Mexican Economy Remains Resilient


The Mexican economic fundamentals seem more resilient than anticipated after an initial shock triggered by the US presidential election sent investment and consumer sentiment to record-low levels in January. The economy grew in the first three months of the year, exports keep improving despite US trade noise, the peso recovered to pre-US election levels and transitory inflation shocks begin to fade.

The economy expanded a seasonally adjusted 0.7 percent on quarter in the first three months of 2017, following a 0.7 percent growth in the previous period and beating initial estimates of 0.6 percent. The growth was driven by a faster expansion in the services sector (1 percent vs 0.9 percent in Q4); a 0.1 percent rise in industrial production (the same as in the previous period and better than an initial flat reading) and a 1.1 percent increase in agriculture.

Recent trade data showed exports jumped 11.2 percent year-on-year in Q1. Manufacturing exports climbed 9.2 percent and oil exports surged 58.1 percent benefitting mainly by a favorable FX comparison in annual terms and by high double-digit growth in exports to countries other than the US.

Consumer confidence has improved to 84.3 in April 2017, continuing to bounce back from January’s record-low of 69.9 backed by a stronger peso, the increase in the minimum wage in early 2017, and by the fading effects of gasoline price hikes. As such, domestic demand is expected to keep driving the expansion in 2017.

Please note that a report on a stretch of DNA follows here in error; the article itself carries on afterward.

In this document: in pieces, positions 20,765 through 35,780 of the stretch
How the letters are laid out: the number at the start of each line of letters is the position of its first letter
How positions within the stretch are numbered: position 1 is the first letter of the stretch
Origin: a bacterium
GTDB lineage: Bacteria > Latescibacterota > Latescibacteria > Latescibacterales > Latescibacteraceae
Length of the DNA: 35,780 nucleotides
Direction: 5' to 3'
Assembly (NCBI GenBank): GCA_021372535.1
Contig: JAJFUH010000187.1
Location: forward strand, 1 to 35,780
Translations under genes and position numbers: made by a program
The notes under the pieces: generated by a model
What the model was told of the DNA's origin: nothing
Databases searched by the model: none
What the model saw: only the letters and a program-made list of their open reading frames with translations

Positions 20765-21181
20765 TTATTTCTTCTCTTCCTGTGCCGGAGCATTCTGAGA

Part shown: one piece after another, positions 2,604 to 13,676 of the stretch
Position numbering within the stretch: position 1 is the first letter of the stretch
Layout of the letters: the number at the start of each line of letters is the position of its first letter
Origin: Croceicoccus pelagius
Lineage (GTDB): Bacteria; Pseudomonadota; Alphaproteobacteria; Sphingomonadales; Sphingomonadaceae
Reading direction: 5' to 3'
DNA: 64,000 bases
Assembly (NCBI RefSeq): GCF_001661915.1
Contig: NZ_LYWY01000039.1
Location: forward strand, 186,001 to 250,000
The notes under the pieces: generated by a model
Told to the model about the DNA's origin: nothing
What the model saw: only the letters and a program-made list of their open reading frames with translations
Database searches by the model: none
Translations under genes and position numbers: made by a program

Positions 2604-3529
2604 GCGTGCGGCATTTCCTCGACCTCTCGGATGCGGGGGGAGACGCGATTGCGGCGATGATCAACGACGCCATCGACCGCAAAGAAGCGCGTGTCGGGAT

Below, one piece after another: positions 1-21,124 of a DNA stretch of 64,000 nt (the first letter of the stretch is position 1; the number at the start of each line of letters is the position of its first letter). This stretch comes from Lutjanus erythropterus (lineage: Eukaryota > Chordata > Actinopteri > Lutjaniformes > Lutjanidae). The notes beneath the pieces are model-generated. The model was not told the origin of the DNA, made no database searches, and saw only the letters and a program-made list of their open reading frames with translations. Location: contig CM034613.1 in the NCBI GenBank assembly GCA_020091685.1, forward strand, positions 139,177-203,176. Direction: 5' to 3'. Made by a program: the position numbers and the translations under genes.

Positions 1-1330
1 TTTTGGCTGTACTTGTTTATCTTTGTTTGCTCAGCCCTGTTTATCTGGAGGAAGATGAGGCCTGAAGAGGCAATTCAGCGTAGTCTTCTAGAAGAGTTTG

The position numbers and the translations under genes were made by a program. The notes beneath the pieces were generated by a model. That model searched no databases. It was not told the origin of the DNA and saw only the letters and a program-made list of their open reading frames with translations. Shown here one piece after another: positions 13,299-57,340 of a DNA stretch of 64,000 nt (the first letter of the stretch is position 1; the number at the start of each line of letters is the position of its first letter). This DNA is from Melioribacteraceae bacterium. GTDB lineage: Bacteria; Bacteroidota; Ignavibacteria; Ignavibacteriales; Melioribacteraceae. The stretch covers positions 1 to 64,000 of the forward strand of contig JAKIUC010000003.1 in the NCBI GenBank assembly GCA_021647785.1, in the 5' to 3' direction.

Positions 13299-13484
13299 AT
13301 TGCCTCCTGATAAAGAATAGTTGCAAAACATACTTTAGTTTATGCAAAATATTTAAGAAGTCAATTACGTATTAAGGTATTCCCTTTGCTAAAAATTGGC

The manufacturing confidence reached a 5-month high of 46.7 in April as manufacturers current assessment on the country's general economic situation and investment improved and the opinion concerning investment remained favorable. Also, Markit Manufacturing PMI has bounced back from a 4-year low reached in December.

On the negative side, despite peso appreciation, inflation is expected to remain above central bank’s upper bound target of 4 percent for most of the year affected by the liberalization of gasoline prices. Elevated inflation rate in connection with Fed’s tightening cycle may force the Bank of Mexico to further raise the borrowing cost. Since December of 2015, the central bank has increased the target for the overnight interbank interest rate on 9 occasions, for a total 375 bps.




mario.campa@tradingeconomics.com | joana.taborda@tradingeconomics.com
5/22/2017 2:50:44 PM